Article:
Seaford right to work ordinance receives mixed opinions
Seaford has done what Sussex County couldn't, they've passed right to work legislation.
The city council unanimously passed the bill, but like the county, it didn't happen without opposition.
"We stepped back and we looked and said what is happening around the country? What is happening that they're growing great jobs, and there was a common trend which is right to work," says Mayor David Genshaw.
The new ordinance would give private employees the ability to chose, chose to work for a living without being compelled to belong to a union. City officials say it's a win-win for the city and its economy. Some residents are happy it passed.
"I believe passing, right to work is a step in the right direction, it's a small step to attract business and creators to our community," says Joan Neal, a business owner and resident of Seaford.
However, others who came to the announcement on Tuesday are upset that it went through without a public hearing.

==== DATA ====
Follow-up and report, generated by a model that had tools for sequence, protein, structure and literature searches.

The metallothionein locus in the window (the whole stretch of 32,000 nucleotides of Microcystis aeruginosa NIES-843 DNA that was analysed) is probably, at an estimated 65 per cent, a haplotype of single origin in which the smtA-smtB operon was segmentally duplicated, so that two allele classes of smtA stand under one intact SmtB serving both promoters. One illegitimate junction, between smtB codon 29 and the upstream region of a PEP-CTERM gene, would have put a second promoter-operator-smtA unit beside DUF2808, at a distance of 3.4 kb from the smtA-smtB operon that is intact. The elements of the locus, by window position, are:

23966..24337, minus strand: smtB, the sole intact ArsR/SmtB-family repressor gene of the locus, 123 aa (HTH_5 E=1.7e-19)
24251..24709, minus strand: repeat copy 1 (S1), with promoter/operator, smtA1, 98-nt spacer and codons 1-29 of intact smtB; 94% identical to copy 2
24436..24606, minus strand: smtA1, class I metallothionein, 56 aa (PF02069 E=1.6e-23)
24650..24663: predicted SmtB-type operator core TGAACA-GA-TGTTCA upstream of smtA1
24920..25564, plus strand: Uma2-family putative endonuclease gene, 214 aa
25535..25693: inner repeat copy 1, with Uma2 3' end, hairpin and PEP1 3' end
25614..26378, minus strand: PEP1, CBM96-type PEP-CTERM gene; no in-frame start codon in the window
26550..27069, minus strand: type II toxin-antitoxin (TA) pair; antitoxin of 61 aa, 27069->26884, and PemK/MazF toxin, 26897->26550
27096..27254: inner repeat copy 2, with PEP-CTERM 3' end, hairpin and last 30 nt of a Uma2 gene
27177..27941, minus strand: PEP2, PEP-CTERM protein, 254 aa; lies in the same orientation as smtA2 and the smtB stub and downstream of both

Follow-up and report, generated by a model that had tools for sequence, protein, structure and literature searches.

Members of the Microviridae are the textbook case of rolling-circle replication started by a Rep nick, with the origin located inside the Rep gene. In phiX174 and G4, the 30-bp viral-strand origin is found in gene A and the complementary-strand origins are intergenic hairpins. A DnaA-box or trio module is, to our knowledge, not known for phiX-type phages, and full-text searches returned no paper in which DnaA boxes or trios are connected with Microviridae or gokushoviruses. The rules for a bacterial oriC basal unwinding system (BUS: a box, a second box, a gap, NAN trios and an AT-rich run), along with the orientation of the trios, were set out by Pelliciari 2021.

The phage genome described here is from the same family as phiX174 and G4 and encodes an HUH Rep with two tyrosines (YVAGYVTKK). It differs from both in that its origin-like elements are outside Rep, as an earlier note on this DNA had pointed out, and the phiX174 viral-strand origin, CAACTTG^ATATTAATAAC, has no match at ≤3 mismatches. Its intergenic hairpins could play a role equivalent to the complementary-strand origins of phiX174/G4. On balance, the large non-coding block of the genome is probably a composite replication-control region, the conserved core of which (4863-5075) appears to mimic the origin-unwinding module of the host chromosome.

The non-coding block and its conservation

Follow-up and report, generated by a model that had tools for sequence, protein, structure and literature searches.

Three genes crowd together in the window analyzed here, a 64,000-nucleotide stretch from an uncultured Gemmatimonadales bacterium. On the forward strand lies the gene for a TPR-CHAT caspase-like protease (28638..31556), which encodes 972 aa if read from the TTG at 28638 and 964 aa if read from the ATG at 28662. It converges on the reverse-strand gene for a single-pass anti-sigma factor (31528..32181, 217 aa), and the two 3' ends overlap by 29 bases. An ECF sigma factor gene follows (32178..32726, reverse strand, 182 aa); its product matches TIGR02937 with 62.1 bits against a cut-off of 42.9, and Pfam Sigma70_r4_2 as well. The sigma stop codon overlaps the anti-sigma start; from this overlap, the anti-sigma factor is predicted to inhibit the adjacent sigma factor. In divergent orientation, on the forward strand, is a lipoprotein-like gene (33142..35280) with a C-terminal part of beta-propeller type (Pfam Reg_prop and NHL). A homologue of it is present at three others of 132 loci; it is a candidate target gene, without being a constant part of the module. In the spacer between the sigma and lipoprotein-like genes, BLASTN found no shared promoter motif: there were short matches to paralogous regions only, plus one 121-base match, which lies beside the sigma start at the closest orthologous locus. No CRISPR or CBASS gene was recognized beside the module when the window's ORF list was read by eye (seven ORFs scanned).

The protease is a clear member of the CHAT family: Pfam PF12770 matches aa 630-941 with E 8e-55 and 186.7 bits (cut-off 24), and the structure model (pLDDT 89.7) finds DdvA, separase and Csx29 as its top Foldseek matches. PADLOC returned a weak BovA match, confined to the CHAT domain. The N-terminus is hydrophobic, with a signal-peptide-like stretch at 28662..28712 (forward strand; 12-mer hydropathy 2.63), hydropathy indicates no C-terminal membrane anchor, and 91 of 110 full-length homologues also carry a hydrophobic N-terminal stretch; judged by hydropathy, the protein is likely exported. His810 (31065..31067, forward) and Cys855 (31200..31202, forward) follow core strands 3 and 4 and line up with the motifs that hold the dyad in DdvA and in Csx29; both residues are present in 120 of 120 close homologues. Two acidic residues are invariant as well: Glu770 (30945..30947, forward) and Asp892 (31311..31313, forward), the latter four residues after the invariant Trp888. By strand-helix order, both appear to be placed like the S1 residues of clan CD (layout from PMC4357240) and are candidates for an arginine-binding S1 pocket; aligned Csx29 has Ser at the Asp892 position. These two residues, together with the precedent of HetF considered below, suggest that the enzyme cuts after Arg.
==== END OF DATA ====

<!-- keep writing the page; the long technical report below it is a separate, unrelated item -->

Mayor Genshaw says, "We didn't need to. I believe the right to work numbers stand by themselves, that anybody that looks at right to work it is undeniable the impact of positive jobs."
Some residents telling 47 ABC they doubt the new ordinance can boost the economy.
"I think there is so much conflicting evidence that is very difficult to prove one way or the other," says Dan Cannon, a Seaford resident.
The mayor says he knows this is a hot button issue for the state and Sussex County. As it stands now, when a workplace unionizes, all of its workers have to be a part of it.
Mayor Genshaw believes that the new ordinance is not only lawful but is in the best interest of the City of Seaford.
"This is not one party against the other. This not anti-union. We are doing this for the people of Seaford, for their benefit," says Mayor Genshaw.
City officials say they are not concerned about litigation for passing this ordinance.